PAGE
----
The focus of the digital-music debate is rapidly shifting. Once dominant song-swapping service Napster is a shell of its former self, with 1.6 million copyrighted tunes now fully blocked by court order. And the music industry has not wasted time before stepping into the void. Its first Ping-Pong ball was served in the early hours of Monday morning, when EMI, Bertelsmann and Warner Music--three of the labels long lampooned as dinosaurs that didn't get the Net--were inking a deal with Real Networks and AOL after a year of top-secret negotiations.
The company they created, MusicNet, is set to become an online clearinghouse (read: tollbooth) for any website that wants to license recordings for you to download. Of course, AOL and Real.com are first in line. Real owns 40% of MusicNet; the three labels own 20% each. (AOL, Warner Music and TIME are divisions of AOL Time Warner.) But the deal is so unavoidably big, even Napster is thinking about signing up.
It was enough to make you think the era of pay-to-play music downloading has finally dawned. Spurred on by the MusicNet deal, Sony and Vivendi Universal hastily announced that their licensing service, known as Duet, had found its first customer in the shape of Yahoo. MTV.com said it had done its own deal with all five major labels. And Microsoft hopped on the bandwagon with the radio-style site MSN Music. Result: in just one week "the landscape changed 100%," says Eric Scheirer, digital-music analyst at Forrester Research.
More precisely, it was as if a dormant volcano had just erupted. Nobody has a clue to what the new landscape is going to look like when the ash settles--like how much you will be shelling out for your tunes, though at first it's less likely to involve micropayments (99* per Morissette single) and more likely to be subscription-based services ($9.99 a month for an Alanis buffet).
Still to be solved is the key question: In what format will your music arrive? Can the industry create a standard that will satisfy users who want MP3s they can transfer to portable players and CDs, while protecting copyright owners? "We don't know all the details," admits Richard Wolpert, the Real executive who helped create MusicNet. But "it's fair to say [the files] won't be free-and-clear MP3s as we know them."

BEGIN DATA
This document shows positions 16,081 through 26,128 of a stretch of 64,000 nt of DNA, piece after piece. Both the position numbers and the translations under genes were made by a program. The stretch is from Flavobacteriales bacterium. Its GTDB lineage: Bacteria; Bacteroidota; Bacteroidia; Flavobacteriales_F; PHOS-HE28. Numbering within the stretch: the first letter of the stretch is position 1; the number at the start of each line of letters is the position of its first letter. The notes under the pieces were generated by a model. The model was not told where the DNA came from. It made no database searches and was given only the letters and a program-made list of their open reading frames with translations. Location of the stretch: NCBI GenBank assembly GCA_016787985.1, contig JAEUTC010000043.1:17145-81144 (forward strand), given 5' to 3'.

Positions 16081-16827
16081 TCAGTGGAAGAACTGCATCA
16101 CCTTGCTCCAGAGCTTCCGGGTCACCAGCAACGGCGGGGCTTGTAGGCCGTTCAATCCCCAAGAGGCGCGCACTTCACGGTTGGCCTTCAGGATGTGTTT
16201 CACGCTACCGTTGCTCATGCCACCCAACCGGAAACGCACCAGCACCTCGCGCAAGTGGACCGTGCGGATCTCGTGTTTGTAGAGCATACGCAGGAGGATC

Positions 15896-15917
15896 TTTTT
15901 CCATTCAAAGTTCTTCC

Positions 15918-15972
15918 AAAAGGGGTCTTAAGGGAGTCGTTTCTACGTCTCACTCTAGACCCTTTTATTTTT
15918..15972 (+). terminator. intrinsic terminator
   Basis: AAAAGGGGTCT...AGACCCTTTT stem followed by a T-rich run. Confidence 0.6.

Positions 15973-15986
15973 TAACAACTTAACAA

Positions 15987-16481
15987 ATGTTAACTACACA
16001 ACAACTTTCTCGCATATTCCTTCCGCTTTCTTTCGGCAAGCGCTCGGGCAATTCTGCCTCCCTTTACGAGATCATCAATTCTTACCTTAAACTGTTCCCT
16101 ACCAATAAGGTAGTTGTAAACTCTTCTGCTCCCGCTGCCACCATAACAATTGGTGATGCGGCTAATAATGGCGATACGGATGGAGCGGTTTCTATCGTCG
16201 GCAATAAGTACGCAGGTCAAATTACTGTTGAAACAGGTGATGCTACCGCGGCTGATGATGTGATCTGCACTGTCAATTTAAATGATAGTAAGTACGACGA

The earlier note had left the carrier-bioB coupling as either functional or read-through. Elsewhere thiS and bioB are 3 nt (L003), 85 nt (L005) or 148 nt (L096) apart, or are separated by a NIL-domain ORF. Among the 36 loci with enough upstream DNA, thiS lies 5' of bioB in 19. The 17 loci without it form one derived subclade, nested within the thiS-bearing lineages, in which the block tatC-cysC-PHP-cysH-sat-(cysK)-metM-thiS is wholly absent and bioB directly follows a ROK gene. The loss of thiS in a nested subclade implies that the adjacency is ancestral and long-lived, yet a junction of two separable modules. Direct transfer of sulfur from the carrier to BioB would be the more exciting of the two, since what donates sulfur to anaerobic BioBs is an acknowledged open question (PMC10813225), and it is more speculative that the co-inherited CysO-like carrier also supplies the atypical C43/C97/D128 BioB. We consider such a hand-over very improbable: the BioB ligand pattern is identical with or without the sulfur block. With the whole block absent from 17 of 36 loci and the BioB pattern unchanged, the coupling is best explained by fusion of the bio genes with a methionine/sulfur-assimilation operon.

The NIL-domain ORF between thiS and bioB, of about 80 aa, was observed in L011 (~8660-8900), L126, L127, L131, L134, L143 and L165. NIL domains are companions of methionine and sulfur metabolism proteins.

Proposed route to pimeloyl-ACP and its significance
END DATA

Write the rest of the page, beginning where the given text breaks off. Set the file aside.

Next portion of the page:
The labels' dream is that you will go to a portal like AOL, discover any music you like and move it anywhere you choose, in a process so seamless that you won't mind paying for it monthly. The nightmare scenario: a poor selection of music in confusing and conflicting file formats that will drive you underground to a Napster clone like Aimster. So every portal needs to do a deal with MusicNet and Duet--at the very least. "None of these services can survive without content from all five major labels," says Dannielle Romano, music analyst at Jupiter Media Metrix. Not to mention the hundreds of independent labels they'll need licenses from.
This is a tough business to take online, and it will need more than a few dazzling new services to succeed. No one knows that better than Napster CEO Hank Barry, who is still earnestly trying to fashion a legal compromise that will keep his company in the game (just like MP3.com, which is still alive after losing millions in lawsuits to record labels). Along with Henley and Morissette, Barry tried to sell the Senate on compulsory licenses--giving websites the same status as radio stations, which pay royalty fees for playing music. Says Barry: "It's government intervention. It's not my first choice. But collecting licenses [in the open market] is not just painful, it's impossible." If AOL and Yahoo start feeling his pain once MusicNet and Duet kick in this summer, you may see a lot more rockers singing the Senate blues.